Everything looks like a nail if all you’ve got is a hammer!

Everything looks like a nail if all you’ve got is a hammer! Drinking was my go-to for anything life threw at me. It became my only tool. When something good happened, I drank. When something painful happened, I drank. When I was afraid, I drank. When I was celebrating, you get it. Drinking was my coping skill. It turns out it was a very poor one at that. I was ill-equipped to live life on life’s terms, and avoiding that seemed the only sane way to live. Crazy, right? It takes courage and faith to live life well; I had neither. So I drank, and nothing got better. Frankly, everything got worse.

Something bad did not happen every time I drank, but I was drinking every time something bad happened. Using any mind-altering substance to cope with everyday life is inherently unhealthy. Life happens to everybody. Why do I feel the need to run from it? Acceptance is essential for me today. Looking back, drinking to avoid discomfort never worked, and in truth, drinking was always either the cause of the problem or the result. It never solved anything.

When you’re a child, you’re inventing yourself. You don’t realize it at the time because you’re a child. But in retrospect, you evolve according to your behavior and environment. You turn into who you turn into because of your family, friend group, interests, and fears. A revelation to me was realizing as an adult, I do the same. I create myself daily. I’m faking it. We’re all faking it! I behave in different ways depending on the circumstances in which I find myself. I’m not the same guy in court as I am with my friends. Or with my kids. Or behind the wheel. Why? What mask do I feel the need to wear today?  Why do I feel the need to wear a mask at all? To paraphrase Jack Handy, “I’m good enough…”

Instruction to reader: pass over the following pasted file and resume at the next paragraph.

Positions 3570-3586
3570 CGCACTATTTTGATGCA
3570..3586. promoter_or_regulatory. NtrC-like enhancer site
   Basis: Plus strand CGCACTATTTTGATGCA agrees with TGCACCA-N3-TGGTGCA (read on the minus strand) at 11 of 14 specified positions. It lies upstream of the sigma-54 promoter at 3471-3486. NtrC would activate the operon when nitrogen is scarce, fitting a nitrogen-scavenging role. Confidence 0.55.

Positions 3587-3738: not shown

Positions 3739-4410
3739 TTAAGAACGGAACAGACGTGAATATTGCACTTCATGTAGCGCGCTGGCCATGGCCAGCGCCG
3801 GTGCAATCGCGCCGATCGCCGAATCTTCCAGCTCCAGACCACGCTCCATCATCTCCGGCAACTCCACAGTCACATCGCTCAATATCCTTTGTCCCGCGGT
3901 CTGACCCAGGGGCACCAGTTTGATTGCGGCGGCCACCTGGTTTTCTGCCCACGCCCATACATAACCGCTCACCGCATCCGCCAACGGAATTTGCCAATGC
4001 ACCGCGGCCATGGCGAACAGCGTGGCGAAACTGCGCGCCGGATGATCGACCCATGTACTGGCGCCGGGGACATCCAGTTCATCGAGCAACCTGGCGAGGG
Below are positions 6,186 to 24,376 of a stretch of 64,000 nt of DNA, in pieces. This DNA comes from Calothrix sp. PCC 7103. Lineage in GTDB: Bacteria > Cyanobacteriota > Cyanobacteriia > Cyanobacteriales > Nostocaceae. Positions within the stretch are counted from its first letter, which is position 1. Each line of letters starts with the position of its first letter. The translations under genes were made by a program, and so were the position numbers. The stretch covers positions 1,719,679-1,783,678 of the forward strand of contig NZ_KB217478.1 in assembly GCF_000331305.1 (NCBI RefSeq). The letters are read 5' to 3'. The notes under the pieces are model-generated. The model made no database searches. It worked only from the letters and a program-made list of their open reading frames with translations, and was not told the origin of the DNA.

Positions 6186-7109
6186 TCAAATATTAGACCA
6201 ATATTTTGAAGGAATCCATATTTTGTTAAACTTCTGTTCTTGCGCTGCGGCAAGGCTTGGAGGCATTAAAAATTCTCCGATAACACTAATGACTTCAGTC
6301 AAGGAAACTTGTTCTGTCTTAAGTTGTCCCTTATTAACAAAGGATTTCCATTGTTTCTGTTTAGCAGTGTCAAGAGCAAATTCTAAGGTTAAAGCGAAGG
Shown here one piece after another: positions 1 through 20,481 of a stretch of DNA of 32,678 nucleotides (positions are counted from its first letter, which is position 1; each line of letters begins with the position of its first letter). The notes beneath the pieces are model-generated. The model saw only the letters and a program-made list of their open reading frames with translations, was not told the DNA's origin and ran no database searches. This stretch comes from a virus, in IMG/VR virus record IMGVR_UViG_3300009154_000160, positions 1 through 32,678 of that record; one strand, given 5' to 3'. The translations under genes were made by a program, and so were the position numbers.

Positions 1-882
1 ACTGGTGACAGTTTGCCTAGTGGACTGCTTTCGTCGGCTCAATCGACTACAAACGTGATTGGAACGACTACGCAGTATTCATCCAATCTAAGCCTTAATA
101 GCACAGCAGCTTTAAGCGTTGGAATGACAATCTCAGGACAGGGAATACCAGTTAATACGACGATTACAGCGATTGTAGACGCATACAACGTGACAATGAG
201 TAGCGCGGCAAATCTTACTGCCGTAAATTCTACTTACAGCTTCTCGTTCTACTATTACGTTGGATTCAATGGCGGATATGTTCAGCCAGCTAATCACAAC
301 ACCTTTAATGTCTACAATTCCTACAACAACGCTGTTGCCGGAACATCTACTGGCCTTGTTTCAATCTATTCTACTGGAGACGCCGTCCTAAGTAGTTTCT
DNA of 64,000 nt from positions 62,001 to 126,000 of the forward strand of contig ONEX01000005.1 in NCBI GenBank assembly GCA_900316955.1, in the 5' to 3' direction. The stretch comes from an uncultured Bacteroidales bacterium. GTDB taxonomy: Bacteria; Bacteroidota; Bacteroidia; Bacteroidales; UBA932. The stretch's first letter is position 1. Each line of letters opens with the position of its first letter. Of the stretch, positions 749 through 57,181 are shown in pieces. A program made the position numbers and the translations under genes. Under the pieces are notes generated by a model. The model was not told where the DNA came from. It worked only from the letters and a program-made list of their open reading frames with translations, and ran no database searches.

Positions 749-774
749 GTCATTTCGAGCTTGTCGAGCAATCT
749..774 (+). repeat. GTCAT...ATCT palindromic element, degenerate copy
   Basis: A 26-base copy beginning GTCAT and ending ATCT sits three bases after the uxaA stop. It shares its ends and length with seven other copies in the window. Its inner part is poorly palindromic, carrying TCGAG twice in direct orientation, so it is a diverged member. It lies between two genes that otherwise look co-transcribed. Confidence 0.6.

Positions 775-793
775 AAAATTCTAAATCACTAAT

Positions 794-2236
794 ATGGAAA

The only constant in the universe is change. If I have no faith, this state can be frightening. The less I feel secure, the more likely I cling to my old, shopworn concepts of self. I am a spiritual being in a meat bag having an experience in ever-changing circumstances.

If I have faith, I can trust that things are going to be ok. Are ok. Then I can be more comfortable being myself, my true self. What a relief to know I can stop being who I don’t want to be any time! Old behaviors do not dictate current/future behaviors. If I continue to change those old behaviors now, the old mask will be revealed for what it was, something I hid behind, something to hide my true self. This new iteration of self is me trying to be more genuine, to be more genuinely me. Like a coming-of-age ceremony, I can start anew. 

When remodeling a home, the result is better if everything we don’t want gets torn out and hauled away. It can be difficult for the homeowner to see how much should be removed. The phrase “Polishing a Turd” fits this circumstance. How much time do we want to spend reworking something that’s ultimately not going to be what we want? The builder needs to be a bit ruthless in this stage to guarantee a better result. So when re-inventing myself, I need to ask how much of the old stuff do I want?

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